Since Eller and the department began collecting data last year, they’ve found only three cases of student-to-teacher transmission.

Many teachers and school staff members have remained reticent to return to school, worried about the safety of it, while families are ready to go.

The Amphitheater district did a survey of students’ families and of employees. A majority (56% ) of the families who responded preferred to return to some form of in-person schooling. A plurality (40%) wanted to return to full-time in-person schooling, while 26% preferred a hybrid of in-person and remote learning. Twenty-six percent wanted to remain in remote learning.

The majority of staff and teachers, though (52%), preferred to remain in remote learning, while 27% preferred a hybrid system, and 19% wanted to go to full-time in-person teaching.

Lisa Millerd, an English teacher at Amphitheater High School, said her personal preference is to wait till the end of this quarter, March 15, then return to a hybrid model. Amphi is scheduled to go back to hybrid on Feb. 15.

Millerd, who is president of the Amphitheater Education Association, explained, “Students need to be in classrooms. I don’t think any of us would deny that. But we can’t control what our families are doing outside school. It’s happening outside, and that has an impact on quarantine.”

That’s one of the key aspects of returning to in-person schooling. When a teacher is exposed or becomes infected, they must go into quarantine, even if they’re feeling fine. A quarantined teacher can keep teaching if they’re doing it by computer, but not in person.

Exposures and subsequent quarantines can set off a chain reaction that leaves too few staff to cover classes.

“Some of the hardest hit ZIP codes with regard to COVID transmission are in TUSD’s attendance boundaries,” TUSD superintendent Trujillo said in an email. “When the adults contract the virus, particularly teachers, we can’t staff and supervise classrooms.”

Quarantine requirements have shortened from 14 days to a minimum of eight since the pandemic began, Eller said, but they are still a key step in containing outbreaks and must be followed.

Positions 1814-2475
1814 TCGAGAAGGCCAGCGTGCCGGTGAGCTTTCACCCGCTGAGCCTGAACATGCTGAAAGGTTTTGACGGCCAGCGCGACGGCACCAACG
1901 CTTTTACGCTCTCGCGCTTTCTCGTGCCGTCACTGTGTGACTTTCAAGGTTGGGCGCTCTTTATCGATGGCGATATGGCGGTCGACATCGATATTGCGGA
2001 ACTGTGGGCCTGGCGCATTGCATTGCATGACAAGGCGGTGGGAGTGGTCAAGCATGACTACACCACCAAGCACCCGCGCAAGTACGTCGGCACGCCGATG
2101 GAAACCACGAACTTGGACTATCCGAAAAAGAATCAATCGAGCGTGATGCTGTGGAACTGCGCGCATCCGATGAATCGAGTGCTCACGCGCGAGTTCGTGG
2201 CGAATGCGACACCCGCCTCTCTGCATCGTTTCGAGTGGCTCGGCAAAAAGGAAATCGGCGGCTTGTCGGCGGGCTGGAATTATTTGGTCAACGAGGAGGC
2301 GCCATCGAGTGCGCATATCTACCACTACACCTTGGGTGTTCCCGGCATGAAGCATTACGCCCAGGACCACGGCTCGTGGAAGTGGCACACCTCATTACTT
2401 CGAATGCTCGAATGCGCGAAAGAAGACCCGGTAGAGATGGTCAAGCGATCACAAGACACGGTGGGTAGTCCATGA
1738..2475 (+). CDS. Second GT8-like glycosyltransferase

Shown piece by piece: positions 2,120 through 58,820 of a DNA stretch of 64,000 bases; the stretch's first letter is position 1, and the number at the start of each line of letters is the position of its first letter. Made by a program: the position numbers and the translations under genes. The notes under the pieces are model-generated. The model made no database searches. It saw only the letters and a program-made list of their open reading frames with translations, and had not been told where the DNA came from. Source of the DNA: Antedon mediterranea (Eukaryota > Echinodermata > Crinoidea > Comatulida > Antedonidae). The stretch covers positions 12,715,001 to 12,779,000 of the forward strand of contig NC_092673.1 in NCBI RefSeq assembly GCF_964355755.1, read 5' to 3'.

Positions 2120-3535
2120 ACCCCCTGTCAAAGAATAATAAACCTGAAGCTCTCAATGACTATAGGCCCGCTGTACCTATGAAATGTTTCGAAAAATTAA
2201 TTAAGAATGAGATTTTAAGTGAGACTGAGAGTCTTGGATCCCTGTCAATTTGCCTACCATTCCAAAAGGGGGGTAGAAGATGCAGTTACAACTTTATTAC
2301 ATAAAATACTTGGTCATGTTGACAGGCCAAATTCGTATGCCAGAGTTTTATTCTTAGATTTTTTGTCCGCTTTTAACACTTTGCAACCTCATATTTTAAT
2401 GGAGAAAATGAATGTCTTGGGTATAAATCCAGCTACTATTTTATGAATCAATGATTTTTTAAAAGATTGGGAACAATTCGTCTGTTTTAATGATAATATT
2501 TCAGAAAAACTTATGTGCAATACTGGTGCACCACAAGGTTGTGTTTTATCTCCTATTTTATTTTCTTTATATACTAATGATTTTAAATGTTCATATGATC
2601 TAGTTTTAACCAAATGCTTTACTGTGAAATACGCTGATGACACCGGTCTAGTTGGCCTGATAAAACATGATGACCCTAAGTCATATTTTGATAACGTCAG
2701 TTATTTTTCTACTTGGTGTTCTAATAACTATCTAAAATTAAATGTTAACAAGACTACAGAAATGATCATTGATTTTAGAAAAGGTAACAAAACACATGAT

Vaccinations hold promise, and teachers are gradually getting their first shots. But reopening shouldn’t wait for all teachers and staff to get both shots, Eller said, because conditions are safe enough in schools with strong mitigation, and it will take many weeks to get teachers their second vaccine and through their two-week post-vaccine period.

Trujillo acknowledged the county’s guidance but also said TUSD’s many losses — eight total employees and close community members since the pandemic began — have made the district cautious.

He said in an email: “The loss of so many beloved campus and classroom leaders has devastated our community and has naturally resulted in our leadership team placing more of an emphasis on successful employee vaccination as a major portion of the overall criterion we will be examining to determine a start date for a return to in-person learning.”

The biggest factor endangering teachers, school staff, students and their families is spread of the virus in the community — and that’s our responsibility.

“If you want kids in school, then the mitigation around you and your family has to be so strong,” said Dustin Williams, the Pima County superintendent of public instruction.

That starts on days like Sunday, Super Bowl Sunday.

If you want your kids in school, as I do, you can’t be crowded inside at house parties or bars, yelling at the TV. You have to keep your distance and your discipline.

Contact: tsteller@tucson.com or 807-7789. On Twitter: @senyorreporter.


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Related to this story

Amphitheater schools Superintendent Todd Jaeger sent this letter Feb. 4 explaining results of a survey on returning to in-person schooling.